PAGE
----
I commend this letter to your discretion and prudence. It could compromise me completely. It is the country and the state that I fear to drag into misfortune in acknowledging so openly my hatred and the loathing my heart feels for them. For me personally, I should glory in avouing it openly and proving it on every occasion. So I beg you to keep this between ourselves – but especially don’t let any occasion go by without assuring your brave and honourable nation and the Admiral that the king, my husband, his son and my future grandchildren hold the same feelings of friendship, love and trust and our indebtedness to you all - and that these feelings will last all my life.
What I’m hoping to establish (with the help of Nelson and his World's detectives) is whether this is the Queen’s letter that Nelson kissed, and one of the letters he referred to in his last Codicil. How important is it, and where should it be placed within a narrative of the Battle of the Nile?
There’s a lot of confusing correspondence between the main players at the time, not to mention Emma Hamilton’s later petitions for a pension listing her services (including acquiring a - this? - letter from the Queen) as the lodestone of her claim. Motives for mystification or confabulation might include the need for secrecy – so as not to compromise the Sicilian Royal Family who were tied-in to a treaty of neutrality with the French. The passing years, the threat of penury, ill-health and previous failure to draw attention to her claims may also have encouraged Emma Hamilton to embellish her recollections after 1808.
I thought it might be fun to explore this new letter as a group online. Any additional evidence or counter-evidence would, of course, be gratefully received and fully credited if published.
Is this is the letter that Nelson kissed, and the basis for writing what he did such a short time before his death at Trafalgar?
Thanks in advance for any thoughts.
|Author:||tycho [ Thu Sep 27, 2012 10:17 am ]|
|Post subject:||Re: Found - The Queen's letter that Nelson kissed?|
Many congratulations on your research into 'the Queen's letter'! Whether this is 'the one that Nelson kissed' or not, I think it gives pretty powerful backing to Emma's claim that she was instrumental in achieving the victualling of the fleet before the battle of the Nile. It was Emma whose effusive attentions to the queen ensured her friendship; it was Emma who kept the lines of communication open to the Queen; who used her knowledge of French to act as the Queen's amanuensis in making known her desire to help the British fleet surreptitiously, even though she could not acknowledge publicly the support of Naples for the British. The Queen states quite clearly that Naples is willing to open her ports and provision British ships, without which support the battle could not have been fought.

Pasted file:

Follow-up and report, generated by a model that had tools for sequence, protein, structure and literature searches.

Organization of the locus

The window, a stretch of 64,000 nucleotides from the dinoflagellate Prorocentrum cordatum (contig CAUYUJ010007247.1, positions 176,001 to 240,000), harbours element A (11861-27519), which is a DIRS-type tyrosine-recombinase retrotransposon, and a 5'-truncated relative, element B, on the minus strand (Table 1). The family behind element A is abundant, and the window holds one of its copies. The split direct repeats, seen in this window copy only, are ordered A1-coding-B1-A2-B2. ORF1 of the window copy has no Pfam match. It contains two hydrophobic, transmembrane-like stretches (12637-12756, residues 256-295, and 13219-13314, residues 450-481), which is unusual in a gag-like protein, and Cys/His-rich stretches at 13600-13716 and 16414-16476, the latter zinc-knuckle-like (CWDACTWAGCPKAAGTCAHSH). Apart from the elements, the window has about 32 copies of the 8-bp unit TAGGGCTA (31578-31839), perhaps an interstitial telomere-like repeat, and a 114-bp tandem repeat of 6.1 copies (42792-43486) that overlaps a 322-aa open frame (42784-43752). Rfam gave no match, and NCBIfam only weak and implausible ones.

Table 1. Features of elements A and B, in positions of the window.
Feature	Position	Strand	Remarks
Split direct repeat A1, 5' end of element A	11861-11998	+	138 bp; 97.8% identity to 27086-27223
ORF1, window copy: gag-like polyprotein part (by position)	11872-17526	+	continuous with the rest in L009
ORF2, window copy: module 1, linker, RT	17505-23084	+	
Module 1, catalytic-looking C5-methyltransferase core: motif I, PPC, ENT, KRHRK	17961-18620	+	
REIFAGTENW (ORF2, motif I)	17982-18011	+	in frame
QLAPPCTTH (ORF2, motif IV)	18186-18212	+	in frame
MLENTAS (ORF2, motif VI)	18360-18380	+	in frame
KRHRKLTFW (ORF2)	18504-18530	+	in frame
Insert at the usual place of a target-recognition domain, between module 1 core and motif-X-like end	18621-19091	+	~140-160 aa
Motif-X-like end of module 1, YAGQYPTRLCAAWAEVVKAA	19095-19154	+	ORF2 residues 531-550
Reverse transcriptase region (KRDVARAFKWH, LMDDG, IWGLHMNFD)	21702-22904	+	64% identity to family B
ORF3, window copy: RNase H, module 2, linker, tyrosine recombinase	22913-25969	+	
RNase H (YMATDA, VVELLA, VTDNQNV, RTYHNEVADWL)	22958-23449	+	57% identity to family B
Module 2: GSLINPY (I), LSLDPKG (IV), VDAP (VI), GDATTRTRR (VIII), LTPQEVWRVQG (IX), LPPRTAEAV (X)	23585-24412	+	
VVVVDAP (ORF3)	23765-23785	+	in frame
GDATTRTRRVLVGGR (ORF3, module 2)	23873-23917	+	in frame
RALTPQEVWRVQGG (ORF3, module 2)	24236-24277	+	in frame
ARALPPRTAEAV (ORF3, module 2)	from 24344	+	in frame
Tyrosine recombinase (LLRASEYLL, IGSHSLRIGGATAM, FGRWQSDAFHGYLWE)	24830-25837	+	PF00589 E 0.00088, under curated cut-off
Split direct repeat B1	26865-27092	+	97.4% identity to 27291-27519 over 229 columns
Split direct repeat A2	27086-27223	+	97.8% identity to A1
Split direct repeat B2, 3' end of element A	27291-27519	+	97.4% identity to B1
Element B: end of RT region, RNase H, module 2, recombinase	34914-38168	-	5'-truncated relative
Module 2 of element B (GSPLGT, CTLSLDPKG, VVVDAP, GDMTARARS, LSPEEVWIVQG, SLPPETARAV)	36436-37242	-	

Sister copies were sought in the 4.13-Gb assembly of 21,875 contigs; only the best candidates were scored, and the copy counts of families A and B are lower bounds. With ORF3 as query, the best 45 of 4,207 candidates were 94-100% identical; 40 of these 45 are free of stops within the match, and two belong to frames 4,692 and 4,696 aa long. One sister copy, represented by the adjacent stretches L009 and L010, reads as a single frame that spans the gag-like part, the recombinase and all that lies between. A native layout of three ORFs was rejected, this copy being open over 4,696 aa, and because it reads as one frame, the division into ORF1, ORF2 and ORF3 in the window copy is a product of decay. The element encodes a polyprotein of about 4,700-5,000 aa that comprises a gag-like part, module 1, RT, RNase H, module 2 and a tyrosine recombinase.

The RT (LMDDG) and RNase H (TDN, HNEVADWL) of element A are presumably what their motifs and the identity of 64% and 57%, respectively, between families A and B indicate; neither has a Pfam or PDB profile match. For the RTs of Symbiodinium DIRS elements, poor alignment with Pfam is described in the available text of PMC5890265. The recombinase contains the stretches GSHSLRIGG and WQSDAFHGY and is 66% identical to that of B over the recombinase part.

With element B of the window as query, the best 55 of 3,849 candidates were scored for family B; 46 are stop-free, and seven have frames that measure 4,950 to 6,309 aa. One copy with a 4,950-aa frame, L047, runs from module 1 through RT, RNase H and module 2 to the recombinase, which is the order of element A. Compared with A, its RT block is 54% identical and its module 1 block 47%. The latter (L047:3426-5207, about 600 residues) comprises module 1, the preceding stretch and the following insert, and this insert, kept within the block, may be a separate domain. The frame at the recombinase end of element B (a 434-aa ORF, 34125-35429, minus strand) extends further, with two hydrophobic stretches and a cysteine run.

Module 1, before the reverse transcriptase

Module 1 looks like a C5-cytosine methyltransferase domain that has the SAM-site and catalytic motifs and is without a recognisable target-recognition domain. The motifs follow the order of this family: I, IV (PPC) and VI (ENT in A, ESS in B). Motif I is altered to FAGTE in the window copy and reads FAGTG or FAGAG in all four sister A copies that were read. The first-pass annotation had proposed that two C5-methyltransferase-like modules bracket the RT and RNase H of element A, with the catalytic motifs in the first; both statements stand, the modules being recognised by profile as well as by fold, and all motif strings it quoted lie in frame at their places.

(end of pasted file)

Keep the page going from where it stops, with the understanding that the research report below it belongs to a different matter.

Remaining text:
Of course, in later years, the Queen did little to help Emma in her distress; but this reflects her callousness and in no way detracts from the service that Emma rendered her country at a time of great peril. Emma's claims might well have been embroidered and embellished as her desperation grew; but it is hard to deny, in the light of the evidence here, that her close friendship with the queen was instrumental in keeping Naples 'onside', albeit secretly, before the Nile.
The machinations of those in power in England to avoid granting Emma a pension was despicable. At one point, when she appealed for help from a fund set up to assist those who had worked secretly, the argument put forward to deny her help was that, since her service was no longer secret, those funds could not be used to help her. (I'm sorry I don't have the reference here - I'm away from home again - but I'm pretty sure it was in a document at the NMM.) Even if she had not rendered any of the secret services she claimed, she was entitled to financial support as the widow of Sir William Hamilton who served as a diplomat in the King's service for 36 years. Widows of lesser officials such as Mrs Locke, widow of the consul, received £600.